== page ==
Determining whether to rent or buy a home, apartment, or other dwelling is often a tough choice to make.
As we discussed, housing costs are huge (between 31-39% of spending, on average). And you want to keep yourself out of trouble, should you hit some monetary speed bumps.
Despite what a local realtor or mortgage broker might tell you, it is not always “a good time to buy”.
In fact, there are absolute horrible times to buy. Had you bought a home in the early 2000’s, up through 2007, you’re probably still under-water, and had you lost your job, you might even have been foreclosed upon.
Before you even begin to think about buying a home, you want to make sure:
- You’re going to be there for at least 5, but preferably 7+ years (which requires you to have stable income and an emergency savings fund to keep making mortgage payments)
- You are able to put a minimum of 20% on a down payment, to avoid PMI payments
- You’re buying a home for the right reasons – not some bad advice like “you should buy a home for a mortgage tax deduction“
- You understand that a home is not an investment – with repair, maintenance, property tax payments, and mortgage interest – a home can be money a losing proposition
- You’re not buying a home for emotional reasons, i.e. “we want to start a life together”, “it’s so cute, I absolutely love it!”
- You understand that home ownership as the American dream is a mirage
If you meet all of that criteria, then it’s not automatic that you should buy a home, even if national home prices are depressed. Each local real estate market should be considered separately by looking at house and rent price data to determine if it’s a good time to rent or buy. A good starting point in that analysis is to calculate the local price to rent ratio.
What is Price to Rent Ratio?
Price to rent ratio (aka price-rent ratio) is a formula that compares the price of buying to the price of renting in a given geographic locale.
It will give you objective quantitative data as to whether it might be a great or horrible time to buy in a given geography. It can also give you comparative data on neighboring communities, to determine what the best place to buy a home might be.
It won’t tell you everything, but it’s a great starting point to you making a more informed decision on whether to buy or rent.
How to Calculate Price to Rent Ratio
Doing a price to rent ratio calculation is quite simple.
First, find the median or mean home sales price for a given area. Local realtor boards or news media usually publish this information.
Then, find the average rental price for comparable homes/apartments for that same area.
Price to Rent Ratio = Average sales price/(Average Rental Price * 12)
What is a Good Price to Rent Ratio?
As a general rule of thumb:
- Price to rent ratio of 1 to 15 = typically better to buy than rent
- Price to rent ratio of 16 to 20 = getting in to risky buy territory
- Price to rent ratio of 21 or more = much better to rent than buy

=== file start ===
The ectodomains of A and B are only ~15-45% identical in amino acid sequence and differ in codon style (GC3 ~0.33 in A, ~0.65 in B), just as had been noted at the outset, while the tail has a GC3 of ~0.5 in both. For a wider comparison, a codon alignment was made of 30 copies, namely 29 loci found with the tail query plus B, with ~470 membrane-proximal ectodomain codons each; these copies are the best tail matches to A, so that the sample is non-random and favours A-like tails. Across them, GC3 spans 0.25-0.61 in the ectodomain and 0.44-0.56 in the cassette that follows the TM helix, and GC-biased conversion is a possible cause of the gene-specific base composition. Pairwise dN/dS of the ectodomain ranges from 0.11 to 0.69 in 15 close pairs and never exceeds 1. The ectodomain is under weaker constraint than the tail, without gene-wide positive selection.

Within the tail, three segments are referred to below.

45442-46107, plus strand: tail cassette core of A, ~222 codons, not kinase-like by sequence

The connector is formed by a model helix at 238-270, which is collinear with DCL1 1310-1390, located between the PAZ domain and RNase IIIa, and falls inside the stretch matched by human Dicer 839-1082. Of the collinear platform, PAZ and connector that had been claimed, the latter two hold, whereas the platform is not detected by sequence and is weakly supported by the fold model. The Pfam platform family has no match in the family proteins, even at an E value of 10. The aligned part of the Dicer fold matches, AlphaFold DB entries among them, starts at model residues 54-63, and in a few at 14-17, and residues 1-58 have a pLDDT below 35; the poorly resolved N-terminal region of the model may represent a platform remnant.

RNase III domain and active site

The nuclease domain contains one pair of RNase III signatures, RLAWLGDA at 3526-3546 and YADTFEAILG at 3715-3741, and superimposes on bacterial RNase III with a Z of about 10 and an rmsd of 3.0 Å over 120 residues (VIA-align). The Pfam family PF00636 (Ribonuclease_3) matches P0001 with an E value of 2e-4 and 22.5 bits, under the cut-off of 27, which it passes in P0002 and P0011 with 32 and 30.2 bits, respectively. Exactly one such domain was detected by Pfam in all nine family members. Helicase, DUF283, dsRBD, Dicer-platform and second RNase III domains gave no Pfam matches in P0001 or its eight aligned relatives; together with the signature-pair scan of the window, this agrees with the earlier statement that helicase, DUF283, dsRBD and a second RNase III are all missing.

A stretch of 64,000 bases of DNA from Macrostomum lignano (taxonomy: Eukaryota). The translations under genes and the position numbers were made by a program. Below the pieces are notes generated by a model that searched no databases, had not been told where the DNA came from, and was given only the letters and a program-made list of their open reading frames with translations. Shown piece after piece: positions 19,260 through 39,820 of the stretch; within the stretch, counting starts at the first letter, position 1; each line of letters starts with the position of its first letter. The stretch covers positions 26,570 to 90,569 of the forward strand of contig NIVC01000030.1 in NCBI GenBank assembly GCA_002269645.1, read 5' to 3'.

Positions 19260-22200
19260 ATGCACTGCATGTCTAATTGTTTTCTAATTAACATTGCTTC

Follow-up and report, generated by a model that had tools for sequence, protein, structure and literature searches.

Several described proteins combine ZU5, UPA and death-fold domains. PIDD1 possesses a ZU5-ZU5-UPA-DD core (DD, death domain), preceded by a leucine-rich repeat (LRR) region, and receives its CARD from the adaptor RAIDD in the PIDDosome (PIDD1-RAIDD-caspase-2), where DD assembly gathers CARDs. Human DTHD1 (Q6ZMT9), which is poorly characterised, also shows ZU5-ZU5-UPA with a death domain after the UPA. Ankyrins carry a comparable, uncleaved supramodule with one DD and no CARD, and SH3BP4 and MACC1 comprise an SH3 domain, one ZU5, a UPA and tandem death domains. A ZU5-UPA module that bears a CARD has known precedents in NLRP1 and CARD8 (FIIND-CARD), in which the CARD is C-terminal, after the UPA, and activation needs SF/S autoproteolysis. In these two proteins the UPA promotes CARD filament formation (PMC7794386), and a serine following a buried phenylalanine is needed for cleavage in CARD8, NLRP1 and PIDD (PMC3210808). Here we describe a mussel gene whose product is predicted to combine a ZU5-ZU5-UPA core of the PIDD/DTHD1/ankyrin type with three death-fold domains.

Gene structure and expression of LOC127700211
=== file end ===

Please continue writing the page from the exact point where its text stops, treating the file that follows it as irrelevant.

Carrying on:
If you can find historical data for your geography to compare the current price to rent ratio versus historical price to rent ratio, that will give you an even better idea of whether or not it is a good time to buy.
Other Rent Vs Buy Resources:
I’d also recommend taking a look at the following resources to give you a more complete picture on whether or not it is a better time to buy or rent in your area:
Trulia Rent Vs. Buy Index: Interactive and up-to-date maps that factors in personal variables.
St. Louis Fed Home Price Indices: If you scroll down, you can find historical home price indices for most major U.S. metros.
Historical Average Price to Rent Ratios: CNN lists out the historical price to rent ratios in many major markets from 1989 to 2003. The current ratio is out of date, but the historical ratios should provide some added context for you.
Zillow Price to Rent Comparisons: a way to look up price to rent ratios in many major and mid market cities.
Zillow: estimates home prices and rent on every house in their database. Sometimes these are off, I can attest, but still a good starting point.
Price to Rent Ratio Discussion:
- What is the price to rent ratio in your area at the moment (& where do you live)?
- Have you looked at this ratio before buying or renting? If not, do you wish you had?
- What other data have you looked at before determining whether you should rent or buy a home?
I like the price to rent ratio. I had never heard of that before. I’m a big proponent of buying homes, but I realize that it’s not right for everyone. Your stipulations in order to buy a house are dead on.
The best calculator I found was at Michael Bluejay’s site.
Great advice! Especially the part about staying in one place for 7+ years. At a young age mobility is very important. There’s so much opportunity and stuff going on in your 20’s that it’s advantageous to stay mobile.
It strikes me that the cities with high price to rent ratio have homes that are appreciating faster than national averages. How should we take that into account?
It seems that in London, these estimates are way off, and I do believe it has to do with quick appreciation… but how can property values go so far up when rent is more or less capped?